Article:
This is NOT a book exclusively for pastors and Bible teachers (although both will be greatly benefitted by studying this text), but it is for anyone who wants to read the Bible accurately, with an eye toward correctly applying the principles that God gives us.

I’m not sure how many times I have read through the Bible in my life, but while reading Interpretation Of The Scriptures I noticed a new attention to concepts and insights that I had previously overlooked. I highly recommend that all serious readers of the Bible read this book as well.

8 Quotes From “The Mathematical Proof For Christianity”

The Mathematical Proof For ChristianityDan Delzell uses not only math, but many other sciences as well to give some great conversation-starters. Check out my full review of his book by clicking here.

“I live in Nebraska where I serve as a pastor. Imagine someone covering this entire state in silver dollars 6 feet deep. Then mark one coin and bury it anywhere across the state. Next, blindfold a man and have him choose one coin. The odds that he would choose the marked coin are the same odds as getting 8 prophecies all fulfilled in one man. God fulfilled about 300 prophecies in the Person of Jesus Christ. … There is no way one man could have fulfilled all 8 of these prophecies unless God was making it happen. Who else controls history? Who else could give us such irrefutable proof for Christianity? The odds are one in one hundred quadrillion. Here is what that number looks like: 1 in 100,000,000,000,000,000. (This mathematical proof was calculated by Professor Peter Stoner.)”

“What if jurors were presented with 300 pieces of evidence that all pointed to the same person, just like the 300 biblical prophecies all point to Christ. And so you see, you really can come face to face with reality, logic, reason, facts, evidence, and mathematical certainty before you decide whether to accept or reject the Bible.”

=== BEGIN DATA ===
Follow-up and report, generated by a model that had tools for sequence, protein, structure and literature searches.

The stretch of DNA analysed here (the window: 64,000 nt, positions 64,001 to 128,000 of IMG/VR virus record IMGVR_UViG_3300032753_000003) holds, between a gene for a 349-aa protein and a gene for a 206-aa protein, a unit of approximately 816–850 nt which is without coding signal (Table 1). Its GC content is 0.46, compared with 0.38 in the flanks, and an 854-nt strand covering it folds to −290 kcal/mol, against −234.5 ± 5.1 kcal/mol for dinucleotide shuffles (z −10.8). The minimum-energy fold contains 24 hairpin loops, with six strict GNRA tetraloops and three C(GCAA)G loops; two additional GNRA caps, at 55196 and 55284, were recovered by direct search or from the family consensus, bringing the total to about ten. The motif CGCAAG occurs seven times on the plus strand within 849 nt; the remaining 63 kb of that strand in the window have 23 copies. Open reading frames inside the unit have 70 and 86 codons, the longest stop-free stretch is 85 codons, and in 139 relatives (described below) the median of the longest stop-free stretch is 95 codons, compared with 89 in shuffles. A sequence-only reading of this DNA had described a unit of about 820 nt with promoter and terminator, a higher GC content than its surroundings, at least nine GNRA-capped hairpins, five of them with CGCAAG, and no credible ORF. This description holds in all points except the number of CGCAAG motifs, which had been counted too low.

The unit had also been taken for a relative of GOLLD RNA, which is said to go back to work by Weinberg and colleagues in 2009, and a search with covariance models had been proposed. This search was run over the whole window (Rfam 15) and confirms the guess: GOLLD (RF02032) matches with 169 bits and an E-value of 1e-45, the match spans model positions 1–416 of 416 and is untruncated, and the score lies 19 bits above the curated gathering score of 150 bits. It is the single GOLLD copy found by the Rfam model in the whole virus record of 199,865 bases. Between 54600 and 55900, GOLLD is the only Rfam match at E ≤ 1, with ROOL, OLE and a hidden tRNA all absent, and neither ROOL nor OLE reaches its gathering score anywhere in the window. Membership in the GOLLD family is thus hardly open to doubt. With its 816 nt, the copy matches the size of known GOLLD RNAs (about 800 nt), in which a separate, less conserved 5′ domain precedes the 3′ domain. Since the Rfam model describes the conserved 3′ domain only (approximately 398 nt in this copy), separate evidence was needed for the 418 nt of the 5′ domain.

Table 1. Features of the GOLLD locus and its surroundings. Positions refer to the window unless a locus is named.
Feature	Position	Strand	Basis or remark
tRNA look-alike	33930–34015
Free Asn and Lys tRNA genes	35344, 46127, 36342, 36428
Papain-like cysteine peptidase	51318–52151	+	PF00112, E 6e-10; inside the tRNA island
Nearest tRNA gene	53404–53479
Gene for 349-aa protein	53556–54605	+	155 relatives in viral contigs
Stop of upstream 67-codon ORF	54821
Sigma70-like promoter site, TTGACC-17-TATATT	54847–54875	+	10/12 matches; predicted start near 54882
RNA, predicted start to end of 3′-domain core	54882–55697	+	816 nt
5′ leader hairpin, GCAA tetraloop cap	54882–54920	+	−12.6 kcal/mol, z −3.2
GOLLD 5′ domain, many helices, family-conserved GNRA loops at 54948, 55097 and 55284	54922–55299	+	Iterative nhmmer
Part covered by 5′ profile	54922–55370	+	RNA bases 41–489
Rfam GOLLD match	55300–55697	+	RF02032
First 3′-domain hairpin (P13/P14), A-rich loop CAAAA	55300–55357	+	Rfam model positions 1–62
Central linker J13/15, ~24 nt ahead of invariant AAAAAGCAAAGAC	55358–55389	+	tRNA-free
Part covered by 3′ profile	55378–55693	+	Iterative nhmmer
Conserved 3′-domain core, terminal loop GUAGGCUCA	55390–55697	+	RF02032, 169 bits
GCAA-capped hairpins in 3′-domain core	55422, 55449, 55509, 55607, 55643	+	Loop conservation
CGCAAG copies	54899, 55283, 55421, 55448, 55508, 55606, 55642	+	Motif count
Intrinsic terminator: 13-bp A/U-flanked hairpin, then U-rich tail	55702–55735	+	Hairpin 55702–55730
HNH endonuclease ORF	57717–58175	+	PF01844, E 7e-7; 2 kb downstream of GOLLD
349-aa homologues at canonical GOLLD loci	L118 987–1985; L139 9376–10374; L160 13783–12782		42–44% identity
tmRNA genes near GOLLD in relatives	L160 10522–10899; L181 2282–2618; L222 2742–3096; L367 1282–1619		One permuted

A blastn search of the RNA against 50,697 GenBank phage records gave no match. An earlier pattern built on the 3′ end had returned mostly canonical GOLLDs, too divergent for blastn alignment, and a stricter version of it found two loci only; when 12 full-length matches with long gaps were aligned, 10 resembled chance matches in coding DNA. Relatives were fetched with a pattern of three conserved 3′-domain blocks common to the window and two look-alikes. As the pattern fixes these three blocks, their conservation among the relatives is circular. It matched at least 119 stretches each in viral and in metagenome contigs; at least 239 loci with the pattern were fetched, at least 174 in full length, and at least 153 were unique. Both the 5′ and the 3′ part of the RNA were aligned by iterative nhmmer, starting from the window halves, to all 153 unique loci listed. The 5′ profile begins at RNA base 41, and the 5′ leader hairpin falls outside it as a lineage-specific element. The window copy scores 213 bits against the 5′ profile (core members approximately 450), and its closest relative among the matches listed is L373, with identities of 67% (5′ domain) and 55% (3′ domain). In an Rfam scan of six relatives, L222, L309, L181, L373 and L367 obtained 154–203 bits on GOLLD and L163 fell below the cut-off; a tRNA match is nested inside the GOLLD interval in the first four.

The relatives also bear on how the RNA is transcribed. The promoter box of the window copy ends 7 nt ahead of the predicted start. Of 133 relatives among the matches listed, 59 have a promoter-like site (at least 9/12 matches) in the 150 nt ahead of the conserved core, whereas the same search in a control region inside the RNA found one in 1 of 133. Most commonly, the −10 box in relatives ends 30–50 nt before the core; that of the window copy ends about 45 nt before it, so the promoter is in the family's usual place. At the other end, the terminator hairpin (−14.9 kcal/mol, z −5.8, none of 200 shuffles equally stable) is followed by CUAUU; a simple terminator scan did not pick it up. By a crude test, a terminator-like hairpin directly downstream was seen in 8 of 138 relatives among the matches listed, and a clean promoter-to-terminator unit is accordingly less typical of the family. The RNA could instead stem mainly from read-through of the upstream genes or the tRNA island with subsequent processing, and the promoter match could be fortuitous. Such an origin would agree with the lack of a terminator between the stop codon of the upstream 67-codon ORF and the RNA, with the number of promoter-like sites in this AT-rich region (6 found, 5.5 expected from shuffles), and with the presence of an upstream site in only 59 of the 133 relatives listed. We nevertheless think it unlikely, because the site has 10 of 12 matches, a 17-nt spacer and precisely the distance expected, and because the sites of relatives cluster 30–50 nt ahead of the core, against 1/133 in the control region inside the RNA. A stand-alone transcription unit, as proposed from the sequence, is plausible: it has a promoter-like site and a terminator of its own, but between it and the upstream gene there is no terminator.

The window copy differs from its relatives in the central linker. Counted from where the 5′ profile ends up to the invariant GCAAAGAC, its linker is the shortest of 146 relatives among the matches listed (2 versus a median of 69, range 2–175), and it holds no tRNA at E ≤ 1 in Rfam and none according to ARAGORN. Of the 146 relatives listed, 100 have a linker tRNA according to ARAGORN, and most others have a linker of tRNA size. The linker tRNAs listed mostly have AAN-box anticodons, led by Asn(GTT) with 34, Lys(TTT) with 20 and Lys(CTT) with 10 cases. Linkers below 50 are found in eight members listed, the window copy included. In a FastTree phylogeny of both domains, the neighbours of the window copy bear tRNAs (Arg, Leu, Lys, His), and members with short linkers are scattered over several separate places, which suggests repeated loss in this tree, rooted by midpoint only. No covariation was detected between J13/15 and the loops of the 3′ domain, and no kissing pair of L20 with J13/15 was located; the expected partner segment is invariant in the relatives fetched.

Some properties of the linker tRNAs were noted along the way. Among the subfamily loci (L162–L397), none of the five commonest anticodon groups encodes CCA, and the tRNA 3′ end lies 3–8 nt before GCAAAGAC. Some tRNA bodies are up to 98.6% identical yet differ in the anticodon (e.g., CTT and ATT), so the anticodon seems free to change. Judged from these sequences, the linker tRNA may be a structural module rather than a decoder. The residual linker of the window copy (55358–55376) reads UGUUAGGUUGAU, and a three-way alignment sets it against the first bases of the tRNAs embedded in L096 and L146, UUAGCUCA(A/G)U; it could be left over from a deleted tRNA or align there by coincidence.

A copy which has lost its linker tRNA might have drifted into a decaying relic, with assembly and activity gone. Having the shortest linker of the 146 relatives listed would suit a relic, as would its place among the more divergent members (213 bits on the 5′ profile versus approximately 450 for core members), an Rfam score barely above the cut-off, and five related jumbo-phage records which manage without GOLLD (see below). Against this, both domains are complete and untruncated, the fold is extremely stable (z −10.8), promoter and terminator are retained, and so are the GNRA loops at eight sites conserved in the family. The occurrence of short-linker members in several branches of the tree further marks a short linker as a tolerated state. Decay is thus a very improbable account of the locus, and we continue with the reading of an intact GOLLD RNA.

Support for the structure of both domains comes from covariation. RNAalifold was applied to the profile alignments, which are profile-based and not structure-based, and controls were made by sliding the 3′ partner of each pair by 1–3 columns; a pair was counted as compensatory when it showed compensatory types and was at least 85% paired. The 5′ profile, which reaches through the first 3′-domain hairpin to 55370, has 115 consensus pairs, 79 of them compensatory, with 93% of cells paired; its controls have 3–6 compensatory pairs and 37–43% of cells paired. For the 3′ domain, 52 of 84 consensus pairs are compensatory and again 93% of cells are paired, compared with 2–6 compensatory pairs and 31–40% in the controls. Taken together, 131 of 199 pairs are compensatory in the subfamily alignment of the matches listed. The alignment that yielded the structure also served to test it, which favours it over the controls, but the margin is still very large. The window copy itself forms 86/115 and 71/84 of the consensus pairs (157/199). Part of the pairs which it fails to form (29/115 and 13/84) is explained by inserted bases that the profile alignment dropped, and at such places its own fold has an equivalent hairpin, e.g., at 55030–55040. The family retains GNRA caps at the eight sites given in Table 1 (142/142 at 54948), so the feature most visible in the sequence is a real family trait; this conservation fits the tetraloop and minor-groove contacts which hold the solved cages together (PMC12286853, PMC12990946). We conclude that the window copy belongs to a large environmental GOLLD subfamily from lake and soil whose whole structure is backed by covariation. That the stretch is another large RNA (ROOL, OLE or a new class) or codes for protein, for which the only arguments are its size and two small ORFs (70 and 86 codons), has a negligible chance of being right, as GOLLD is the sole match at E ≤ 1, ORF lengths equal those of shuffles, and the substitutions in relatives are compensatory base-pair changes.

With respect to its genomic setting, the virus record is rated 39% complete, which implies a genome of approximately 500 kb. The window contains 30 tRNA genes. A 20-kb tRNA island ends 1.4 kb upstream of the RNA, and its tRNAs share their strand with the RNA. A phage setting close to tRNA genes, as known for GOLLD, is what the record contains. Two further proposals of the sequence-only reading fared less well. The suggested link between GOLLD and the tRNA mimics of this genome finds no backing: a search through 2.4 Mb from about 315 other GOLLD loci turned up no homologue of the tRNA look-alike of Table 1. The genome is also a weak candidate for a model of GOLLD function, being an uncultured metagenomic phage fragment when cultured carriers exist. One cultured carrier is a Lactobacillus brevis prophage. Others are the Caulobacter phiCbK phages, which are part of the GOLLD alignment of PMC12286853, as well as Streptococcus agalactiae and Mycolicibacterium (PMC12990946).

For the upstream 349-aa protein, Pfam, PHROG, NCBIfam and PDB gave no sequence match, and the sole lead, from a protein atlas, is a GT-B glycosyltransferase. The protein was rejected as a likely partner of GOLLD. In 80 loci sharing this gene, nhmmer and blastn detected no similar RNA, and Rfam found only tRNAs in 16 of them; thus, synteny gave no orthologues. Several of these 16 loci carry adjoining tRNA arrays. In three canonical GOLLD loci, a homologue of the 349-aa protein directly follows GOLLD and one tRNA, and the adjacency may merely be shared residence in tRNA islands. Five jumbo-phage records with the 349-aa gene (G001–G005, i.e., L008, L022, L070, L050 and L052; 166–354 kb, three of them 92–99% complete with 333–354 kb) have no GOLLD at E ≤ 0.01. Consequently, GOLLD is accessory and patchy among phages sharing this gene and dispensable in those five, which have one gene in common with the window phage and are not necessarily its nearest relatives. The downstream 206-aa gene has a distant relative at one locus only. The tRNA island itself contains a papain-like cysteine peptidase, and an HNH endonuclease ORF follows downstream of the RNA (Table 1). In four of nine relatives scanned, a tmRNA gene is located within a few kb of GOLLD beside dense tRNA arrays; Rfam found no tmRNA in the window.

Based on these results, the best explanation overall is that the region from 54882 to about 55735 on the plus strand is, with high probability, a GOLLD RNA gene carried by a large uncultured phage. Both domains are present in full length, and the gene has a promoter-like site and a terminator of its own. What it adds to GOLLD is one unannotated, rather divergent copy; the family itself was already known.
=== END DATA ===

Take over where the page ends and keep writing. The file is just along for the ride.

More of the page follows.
“The excessive skepticism shown toward the Bible by important historical schools of the eighteenth and nineteenth centuries, certain phases of which still appear periodically, has been progressively discredited. Discovery after discovery has established the accuracy of innumerable details, and has brought increased recognition to the value of the Bible as a source of history.” —William Albright, biblical and archeological scholar who mastered more than 26 ancient and modern languages 

“The order is for Christianity is: (1) Evidence; (2) Faith; and then (3) Assurance. Christianity stands upon evidence. It is personally received through faith that Jesus died for your sins on the Cross. It brings comforting assurance to those who have stepped out in faith to trust Christ. You will never have the assurance of salvation until you take a step of faith based on the evidence.”